Sound the Alarm! Vintage Glass Fire Grenades and Firehouse Memorabilia
A category of collectibles that has stayed red hot for decades!
Firemen’s helmets are one of the most popular items in the firehouse memorabilia category, as they are very personal items, and evoke feelings of heroism and camaraderie. This beautiful New York Fire Dept. helmet by Cairns & Brothers sold in July 2016 for $1350.
Firehouse collectibles are truly a special category that shows no signs of losing steam for collectors year after year. Collector interest is naturally replenished with each generation, as new firefighters join this most beloved and historical public service. If you talk to most collectors they’ll say, “Yeah, my dad was a fireman, and his dad before him.” And with the life and death situations they all live through over their careers, there is a natural tapestry of emotion woven into the items they wore and used in their daily work.
Firehouse collectibles are usually collected by a different crowd than fire extinguishers or fire grenades which were used in homes. I’ll touch on those two items as well, because they are both widely sought after collectibles in today’s market.
Firemen’s Helmets. Firemen’s helmets are one of the most popular items in this category, as they are very personal items, and evoke feelings of heroism and camaraderie. They are also simply beautiful to look at, especially in person. If you’ve ever held a heavy, leather lined 100 year old fire helmet, you know what I’m talking about. The natural wear and patina you’ll find on one of these rugged old helmets is something that you really can’t compare to anything else. What stories each of these old helmets could tell – each dark stain, each crack or dent, and the thousands of small scratches.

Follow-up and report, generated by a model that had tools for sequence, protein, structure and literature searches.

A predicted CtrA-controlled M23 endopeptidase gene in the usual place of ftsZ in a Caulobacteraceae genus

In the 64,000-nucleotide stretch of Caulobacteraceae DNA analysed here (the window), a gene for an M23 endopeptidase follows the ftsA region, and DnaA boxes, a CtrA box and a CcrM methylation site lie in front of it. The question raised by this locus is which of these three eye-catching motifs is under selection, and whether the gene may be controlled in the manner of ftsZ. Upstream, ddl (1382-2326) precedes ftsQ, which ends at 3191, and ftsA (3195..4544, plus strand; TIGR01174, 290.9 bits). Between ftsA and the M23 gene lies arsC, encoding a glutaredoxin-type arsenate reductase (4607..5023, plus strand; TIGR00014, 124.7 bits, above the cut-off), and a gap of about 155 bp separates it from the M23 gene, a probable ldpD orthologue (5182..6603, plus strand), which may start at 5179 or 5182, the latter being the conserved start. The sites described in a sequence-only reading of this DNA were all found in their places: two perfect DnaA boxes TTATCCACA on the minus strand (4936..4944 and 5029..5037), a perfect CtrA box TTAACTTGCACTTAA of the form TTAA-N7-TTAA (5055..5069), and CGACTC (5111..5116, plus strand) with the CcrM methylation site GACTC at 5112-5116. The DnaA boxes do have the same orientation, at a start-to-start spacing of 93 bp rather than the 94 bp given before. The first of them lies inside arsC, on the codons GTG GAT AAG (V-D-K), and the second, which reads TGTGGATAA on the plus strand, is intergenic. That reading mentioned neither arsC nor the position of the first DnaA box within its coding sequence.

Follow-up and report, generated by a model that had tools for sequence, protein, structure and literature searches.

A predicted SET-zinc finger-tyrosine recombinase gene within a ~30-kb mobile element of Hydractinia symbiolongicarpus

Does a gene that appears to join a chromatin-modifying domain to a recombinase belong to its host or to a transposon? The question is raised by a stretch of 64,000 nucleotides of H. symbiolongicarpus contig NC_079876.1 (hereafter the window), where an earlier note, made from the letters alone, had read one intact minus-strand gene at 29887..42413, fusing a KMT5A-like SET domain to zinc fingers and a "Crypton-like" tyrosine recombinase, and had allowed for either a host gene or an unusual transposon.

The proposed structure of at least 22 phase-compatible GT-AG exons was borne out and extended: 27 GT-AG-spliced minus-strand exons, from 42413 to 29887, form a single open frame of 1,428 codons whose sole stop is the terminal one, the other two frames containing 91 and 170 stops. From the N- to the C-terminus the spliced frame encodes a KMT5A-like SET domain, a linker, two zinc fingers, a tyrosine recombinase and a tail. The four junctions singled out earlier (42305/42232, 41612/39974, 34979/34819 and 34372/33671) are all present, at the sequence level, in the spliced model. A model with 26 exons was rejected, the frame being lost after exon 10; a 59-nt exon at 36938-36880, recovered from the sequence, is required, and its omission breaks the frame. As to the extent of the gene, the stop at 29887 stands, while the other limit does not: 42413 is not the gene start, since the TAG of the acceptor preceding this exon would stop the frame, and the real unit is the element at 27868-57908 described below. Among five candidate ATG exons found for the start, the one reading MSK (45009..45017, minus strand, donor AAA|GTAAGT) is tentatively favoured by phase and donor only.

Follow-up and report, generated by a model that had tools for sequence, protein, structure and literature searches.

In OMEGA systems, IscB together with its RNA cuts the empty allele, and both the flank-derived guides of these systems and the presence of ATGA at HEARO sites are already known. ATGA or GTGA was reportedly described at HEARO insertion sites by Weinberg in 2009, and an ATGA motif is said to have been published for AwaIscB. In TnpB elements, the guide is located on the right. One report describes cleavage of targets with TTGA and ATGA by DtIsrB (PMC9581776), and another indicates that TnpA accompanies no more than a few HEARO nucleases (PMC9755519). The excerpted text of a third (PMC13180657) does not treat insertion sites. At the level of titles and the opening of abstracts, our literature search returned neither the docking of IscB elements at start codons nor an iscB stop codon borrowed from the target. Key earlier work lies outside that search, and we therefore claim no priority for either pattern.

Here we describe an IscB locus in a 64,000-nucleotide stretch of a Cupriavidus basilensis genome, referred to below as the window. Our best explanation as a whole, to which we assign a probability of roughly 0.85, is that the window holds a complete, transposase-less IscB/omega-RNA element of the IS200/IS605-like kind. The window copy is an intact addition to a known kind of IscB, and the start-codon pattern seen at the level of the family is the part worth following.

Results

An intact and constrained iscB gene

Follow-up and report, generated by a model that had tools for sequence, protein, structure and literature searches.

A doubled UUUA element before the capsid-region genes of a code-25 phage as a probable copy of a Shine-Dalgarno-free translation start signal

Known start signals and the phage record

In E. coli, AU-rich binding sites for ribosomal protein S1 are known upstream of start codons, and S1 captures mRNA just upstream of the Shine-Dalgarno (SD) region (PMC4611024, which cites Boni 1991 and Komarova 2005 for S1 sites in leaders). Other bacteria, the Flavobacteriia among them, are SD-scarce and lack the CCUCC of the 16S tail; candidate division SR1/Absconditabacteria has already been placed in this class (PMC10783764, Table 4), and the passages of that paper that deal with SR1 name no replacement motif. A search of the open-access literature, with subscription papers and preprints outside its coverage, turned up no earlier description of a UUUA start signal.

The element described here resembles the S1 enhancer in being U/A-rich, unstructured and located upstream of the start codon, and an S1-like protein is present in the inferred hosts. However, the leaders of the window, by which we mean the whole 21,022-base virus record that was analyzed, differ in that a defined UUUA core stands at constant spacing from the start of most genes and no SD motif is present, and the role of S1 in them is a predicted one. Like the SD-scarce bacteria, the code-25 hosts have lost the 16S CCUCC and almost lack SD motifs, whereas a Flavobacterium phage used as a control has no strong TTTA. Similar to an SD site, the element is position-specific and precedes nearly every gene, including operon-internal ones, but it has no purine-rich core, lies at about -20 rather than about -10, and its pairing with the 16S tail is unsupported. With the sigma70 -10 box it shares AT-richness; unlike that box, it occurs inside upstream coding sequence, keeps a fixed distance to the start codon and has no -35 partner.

Putting any personal sentiment aside, the most desirable and valuable helmets are those made of steel or brass, covered with a hard and tight leather overlay. Other desirable features include the station or engine numbers, rank (chief), and personal or city names embroidered into the leather. Also, in some cases, the helmet mold itself had features on top like tapered points, finials, and even bald eagles at the front, which certainly add value. In general, most vintage firemen’s helmets sell at auction from between $200-$2000 range.
Fire hose brass nozzles are made of solid brass, and weigh a ton, and are always marked with the name of the company that made it. This simple brass fire hose nozzle by Elkhart Co. has a beautiful soft patina showing it’s age and sold for $199 in April 2017.
Fire Hose Brass Nozzles. If you’ve set up and sold at flea markets or antique shows, you’ve surely had someone come up asking if you have any firehouse items, especially brass hose nozzles. These are made of solid brass, and weigh a ton, and are always marked with the name of the company that made it. I’ve thought a bit about what it is that makes them so collectible, and I’ve come to the conclusion (in my opinion), that it is simply a “guy thing.” It seems very often that you’ll find that the things men typically collect (like for a den, or “man cave”), are things you can line up in a line like soldiers or military tanks. I’m thinking here of gun collections, trophy heads lined up on a wall, gasoline company tin signs, or rows and rows of vintage beer cans. This is just an innocent observation, no political or social statement intended! And I certainly find it true in this case with fire hose nozzles. They make for a terrific and impressive display when lined up in a row on a shelf, or along the floor near a fireplace hearth.